The Senate Homeland Security Bill: More Hits Than Misses

Report Homeland Security

The Senate Homeland Security Bill: More Hits Than Misses

February 12, 2007 2 min read Download Report
Jim Carafano
Vice President, Kathryn and Shelby Cullom Davis Institute
James Jay Carafano is a leading expert in national security and foreign policy challenges.

The contrast between the Senate's Improving America's Security Act of 2007 (S. 4) and the legislation passed last month in the House, the Implementing the 9/11 Commission Recommendations Act of 2007 (H.R. 1), is stark. While purporting to implement the recommendations of the 9/11 Commission, the House bill offered little more than "bait and switch" security, containing a hodge-podge of "bumper sticker" election-year promises that had little do with either the 9/11 Commission's report or the real homeland security needs of the United States. The draft bill to be introduced in the Senate, however, focuses mostly on practical measures for addressing priority issues.

Hitting the Mark

The draft version of the Senate's Improving America's Security Act of 2007 addresses key areas of homeland security where there is legitimate room for improvement. These include enhancing intelligence and early warning operations among federal, state, and local agencies and strengthening information sharing between the public and private sectors. Many of the provisions of the draft legislation build on the pioneering work done by the Administration in establishing a national intelligence network called the Information Sharing Environment (ISE). Rightly, the legislation places much of the responsibility for implementing the ISE on the Department of Homeland Security (DHS). This is consistent with the intent of the Homeland Security Act of 2002, which established the department and directed that DHS serve as the hub for sharing relevant information with the public and private sectors.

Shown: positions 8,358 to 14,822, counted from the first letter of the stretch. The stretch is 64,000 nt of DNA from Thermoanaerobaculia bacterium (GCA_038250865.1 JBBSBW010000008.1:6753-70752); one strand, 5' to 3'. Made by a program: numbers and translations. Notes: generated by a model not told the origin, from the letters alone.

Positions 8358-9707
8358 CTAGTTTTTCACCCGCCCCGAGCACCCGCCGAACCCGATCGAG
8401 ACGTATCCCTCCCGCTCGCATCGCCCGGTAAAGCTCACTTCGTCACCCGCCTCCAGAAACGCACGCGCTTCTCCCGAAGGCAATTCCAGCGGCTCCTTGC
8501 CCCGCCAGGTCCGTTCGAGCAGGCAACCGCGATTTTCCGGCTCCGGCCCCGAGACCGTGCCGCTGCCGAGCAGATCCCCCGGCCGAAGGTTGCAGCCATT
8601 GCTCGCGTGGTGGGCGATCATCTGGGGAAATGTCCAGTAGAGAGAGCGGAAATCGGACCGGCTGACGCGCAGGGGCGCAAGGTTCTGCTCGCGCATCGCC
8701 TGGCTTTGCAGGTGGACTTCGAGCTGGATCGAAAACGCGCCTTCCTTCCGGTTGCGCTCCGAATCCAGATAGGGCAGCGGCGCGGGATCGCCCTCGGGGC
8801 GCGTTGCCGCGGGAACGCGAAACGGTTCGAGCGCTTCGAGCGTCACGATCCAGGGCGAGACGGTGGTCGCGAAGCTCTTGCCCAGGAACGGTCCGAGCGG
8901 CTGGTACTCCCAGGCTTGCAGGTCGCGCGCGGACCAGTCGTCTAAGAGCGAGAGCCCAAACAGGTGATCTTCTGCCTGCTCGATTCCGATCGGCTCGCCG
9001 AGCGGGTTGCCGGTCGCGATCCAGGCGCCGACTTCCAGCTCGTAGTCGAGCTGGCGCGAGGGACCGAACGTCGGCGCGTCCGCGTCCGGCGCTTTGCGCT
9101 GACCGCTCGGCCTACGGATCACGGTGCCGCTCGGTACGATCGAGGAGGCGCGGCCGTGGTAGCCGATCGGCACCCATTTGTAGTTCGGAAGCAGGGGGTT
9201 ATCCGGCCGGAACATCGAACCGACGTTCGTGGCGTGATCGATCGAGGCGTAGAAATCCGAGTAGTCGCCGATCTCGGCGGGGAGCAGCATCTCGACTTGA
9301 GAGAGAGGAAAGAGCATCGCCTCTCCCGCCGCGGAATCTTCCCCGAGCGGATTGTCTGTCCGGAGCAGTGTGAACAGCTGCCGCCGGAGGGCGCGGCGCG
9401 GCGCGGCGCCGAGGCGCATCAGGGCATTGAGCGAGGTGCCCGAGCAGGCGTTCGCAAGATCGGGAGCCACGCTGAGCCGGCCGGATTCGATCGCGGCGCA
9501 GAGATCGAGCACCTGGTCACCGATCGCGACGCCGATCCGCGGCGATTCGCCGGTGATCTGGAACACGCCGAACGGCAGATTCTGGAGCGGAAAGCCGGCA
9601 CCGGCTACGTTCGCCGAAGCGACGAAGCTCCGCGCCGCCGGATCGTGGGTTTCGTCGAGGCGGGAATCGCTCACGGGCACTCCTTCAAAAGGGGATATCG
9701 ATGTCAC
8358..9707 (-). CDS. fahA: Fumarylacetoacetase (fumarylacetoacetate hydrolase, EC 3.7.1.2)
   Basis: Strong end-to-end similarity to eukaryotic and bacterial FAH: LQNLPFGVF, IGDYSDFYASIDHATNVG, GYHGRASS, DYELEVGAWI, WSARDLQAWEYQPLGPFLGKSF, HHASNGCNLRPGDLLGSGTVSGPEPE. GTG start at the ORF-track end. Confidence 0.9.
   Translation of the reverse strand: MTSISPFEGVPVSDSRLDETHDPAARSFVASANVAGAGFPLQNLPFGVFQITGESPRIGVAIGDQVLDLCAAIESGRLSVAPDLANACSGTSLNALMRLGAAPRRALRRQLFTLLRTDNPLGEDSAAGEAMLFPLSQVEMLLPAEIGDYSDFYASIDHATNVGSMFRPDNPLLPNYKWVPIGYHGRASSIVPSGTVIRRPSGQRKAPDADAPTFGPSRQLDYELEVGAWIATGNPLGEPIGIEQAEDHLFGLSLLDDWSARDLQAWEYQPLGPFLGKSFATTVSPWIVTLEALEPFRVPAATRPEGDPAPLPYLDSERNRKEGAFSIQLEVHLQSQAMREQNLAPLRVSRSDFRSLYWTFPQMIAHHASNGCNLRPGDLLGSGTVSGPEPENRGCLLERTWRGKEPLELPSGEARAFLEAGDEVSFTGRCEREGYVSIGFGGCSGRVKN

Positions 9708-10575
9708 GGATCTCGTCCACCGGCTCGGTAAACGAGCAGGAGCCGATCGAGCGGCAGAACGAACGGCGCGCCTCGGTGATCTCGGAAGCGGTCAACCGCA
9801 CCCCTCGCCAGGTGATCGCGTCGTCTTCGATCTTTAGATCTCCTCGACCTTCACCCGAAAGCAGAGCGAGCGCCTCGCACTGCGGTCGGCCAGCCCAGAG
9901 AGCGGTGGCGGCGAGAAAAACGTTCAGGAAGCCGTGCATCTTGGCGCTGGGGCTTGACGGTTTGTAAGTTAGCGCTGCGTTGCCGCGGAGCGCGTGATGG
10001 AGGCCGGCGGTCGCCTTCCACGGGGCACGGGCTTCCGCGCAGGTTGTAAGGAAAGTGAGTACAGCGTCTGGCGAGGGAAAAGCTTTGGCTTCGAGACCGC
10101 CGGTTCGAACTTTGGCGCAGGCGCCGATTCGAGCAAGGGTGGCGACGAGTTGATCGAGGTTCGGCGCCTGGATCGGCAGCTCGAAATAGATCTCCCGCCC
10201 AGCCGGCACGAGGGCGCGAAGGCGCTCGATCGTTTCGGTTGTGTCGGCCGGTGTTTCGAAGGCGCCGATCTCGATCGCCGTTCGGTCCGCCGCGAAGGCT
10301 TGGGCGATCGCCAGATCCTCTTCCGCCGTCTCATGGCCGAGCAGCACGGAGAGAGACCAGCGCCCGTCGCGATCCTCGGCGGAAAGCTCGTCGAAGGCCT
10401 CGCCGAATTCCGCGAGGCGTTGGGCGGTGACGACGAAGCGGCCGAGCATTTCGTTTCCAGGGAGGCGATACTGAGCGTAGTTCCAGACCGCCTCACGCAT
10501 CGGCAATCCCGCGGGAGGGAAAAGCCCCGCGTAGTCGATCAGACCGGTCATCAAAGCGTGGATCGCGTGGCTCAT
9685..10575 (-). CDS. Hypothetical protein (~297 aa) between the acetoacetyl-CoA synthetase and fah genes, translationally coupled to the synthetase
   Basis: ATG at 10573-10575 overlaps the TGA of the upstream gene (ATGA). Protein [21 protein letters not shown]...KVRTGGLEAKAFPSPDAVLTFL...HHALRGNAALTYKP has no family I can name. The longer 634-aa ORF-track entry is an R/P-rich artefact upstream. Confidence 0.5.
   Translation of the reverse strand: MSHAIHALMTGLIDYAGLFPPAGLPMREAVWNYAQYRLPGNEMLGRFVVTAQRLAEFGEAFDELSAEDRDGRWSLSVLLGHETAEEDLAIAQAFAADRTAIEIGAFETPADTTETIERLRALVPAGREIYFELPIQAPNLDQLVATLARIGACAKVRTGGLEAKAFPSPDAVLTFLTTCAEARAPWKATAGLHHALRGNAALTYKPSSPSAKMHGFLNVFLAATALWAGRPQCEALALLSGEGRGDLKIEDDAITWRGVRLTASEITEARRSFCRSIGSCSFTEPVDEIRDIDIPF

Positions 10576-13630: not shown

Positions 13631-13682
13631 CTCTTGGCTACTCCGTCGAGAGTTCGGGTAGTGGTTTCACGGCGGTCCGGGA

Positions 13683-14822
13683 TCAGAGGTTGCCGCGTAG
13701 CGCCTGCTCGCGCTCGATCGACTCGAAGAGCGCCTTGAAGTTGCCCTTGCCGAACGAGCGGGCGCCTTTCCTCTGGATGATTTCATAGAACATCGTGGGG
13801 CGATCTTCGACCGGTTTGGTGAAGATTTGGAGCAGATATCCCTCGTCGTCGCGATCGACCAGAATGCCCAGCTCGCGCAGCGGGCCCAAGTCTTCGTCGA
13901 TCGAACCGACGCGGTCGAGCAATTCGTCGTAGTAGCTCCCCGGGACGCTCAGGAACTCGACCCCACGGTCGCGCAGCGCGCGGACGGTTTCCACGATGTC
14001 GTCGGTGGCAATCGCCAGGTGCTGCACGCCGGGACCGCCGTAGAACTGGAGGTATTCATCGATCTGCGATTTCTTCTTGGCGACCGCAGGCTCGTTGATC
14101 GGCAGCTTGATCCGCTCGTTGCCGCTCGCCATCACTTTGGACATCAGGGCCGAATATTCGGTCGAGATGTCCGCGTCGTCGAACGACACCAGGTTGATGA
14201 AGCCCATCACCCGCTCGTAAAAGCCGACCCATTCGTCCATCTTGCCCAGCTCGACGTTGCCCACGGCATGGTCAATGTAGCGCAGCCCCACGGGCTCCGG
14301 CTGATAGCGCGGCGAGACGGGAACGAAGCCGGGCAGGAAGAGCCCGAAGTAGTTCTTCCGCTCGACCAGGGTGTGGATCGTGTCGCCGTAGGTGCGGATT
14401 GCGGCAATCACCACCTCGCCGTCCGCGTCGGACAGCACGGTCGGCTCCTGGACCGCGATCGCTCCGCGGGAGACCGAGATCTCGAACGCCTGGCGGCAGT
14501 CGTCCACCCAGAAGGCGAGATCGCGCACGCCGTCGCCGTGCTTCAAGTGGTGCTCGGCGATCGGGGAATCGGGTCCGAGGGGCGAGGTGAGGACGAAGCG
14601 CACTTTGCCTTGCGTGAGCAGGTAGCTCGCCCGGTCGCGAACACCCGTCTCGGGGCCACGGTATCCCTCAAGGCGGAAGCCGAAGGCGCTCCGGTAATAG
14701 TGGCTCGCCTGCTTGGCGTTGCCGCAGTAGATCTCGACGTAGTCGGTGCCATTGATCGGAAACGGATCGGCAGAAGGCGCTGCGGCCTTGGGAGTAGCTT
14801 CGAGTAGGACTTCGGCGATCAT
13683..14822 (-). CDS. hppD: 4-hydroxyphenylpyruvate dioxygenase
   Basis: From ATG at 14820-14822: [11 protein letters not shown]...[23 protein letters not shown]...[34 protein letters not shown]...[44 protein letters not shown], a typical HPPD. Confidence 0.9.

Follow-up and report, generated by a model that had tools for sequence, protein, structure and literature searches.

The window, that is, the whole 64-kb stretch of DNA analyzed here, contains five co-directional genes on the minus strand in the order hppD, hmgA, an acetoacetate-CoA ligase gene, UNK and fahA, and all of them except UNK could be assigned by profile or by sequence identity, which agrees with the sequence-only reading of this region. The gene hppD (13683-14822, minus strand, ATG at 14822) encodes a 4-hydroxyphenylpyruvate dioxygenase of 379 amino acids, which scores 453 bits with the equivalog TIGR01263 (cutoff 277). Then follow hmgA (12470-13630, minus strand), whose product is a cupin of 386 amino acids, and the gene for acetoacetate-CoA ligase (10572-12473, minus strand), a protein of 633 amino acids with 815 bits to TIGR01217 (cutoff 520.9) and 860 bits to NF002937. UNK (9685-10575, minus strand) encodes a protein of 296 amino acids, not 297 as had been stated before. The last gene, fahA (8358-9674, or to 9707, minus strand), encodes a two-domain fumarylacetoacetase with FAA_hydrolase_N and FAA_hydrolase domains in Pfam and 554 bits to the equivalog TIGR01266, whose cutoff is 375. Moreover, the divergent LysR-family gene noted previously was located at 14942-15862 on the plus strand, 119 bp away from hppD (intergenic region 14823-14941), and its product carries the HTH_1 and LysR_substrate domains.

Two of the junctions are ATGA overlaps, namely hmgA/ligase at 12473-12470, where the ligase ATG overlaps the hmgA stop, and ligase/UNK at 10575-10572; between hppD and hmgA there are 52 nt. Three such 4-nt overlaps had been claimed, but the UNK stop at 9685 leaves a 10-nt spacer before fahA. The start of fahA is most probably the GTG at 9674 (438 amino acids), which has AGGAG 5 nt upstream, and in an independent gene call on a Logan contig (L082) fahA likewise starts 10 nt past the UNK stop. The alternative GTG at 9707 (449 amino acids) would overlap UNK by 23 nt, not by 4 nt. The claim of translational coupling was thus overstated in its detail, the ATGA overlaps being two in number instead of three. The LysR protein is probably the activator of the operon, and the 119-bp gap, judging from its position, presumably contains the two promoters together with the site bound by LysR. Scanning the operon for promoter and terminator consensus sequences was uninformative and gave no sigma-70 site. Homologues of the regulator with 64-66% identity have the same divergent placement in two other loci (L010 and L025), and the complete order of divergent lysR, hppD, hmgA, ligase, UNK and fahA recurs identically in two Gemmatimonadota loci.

S.4 also places appropriate emphasis on strengthening measures to combat terrorist travel. In particular, it strengthens the Visa Waiver Program, a cooperative initiative of the United States and 27 other nations to permit free, secure travel between them for up to 90 days without visas. The bill requires security enhancements consistent with those already envisioned by the Administration to ensure that the program provides for safe, secure, and convenient travel between the U.S. and its friends and allies.

Missing the Target

The Improving America's Security Act of 2007 is not perfect. It duplicates some of the shortfalls of the House legislation. One shortfall is particularly noteworthy. The Senate bill continues the tendency of the Congress to over-proliferate Homeland Security grants, adding a new grant for interoperable communications and perpetuating inefficient grant programs such as the Assistance to Firefighter Grants. All these grant programs encourage states and localities to view security grants as pork-barrel handouts and recurring entitlements. Priority needs such as enhancing interoperable communications should be funded out of existing homeland security grant programs, displacing wasteful and inefficient efforts that have done little to meet national priorities. 

A Base to Build On

By focusing on key issues, consistent with the national homeland security strategy and the Administration's effort, S.4 contains initiatives that will help rather than hinder. It should be the starting point for crafting legislation intended to keep America safe, free, and prosperous.

James Jay Carafano, Ph.D., is Assistant Director of the Kathryn and Shelby Cullom Davis Institute for International Studies, and Senior Research Fellow for National Security and Homeland Security in the Douglas and Sarah Allison Center for Foreign Policy Studies, at The Heritage Foundation.


Jim Carafano
James Carafano

Vice President, Kathryn and Shelby Cullom Davis Institute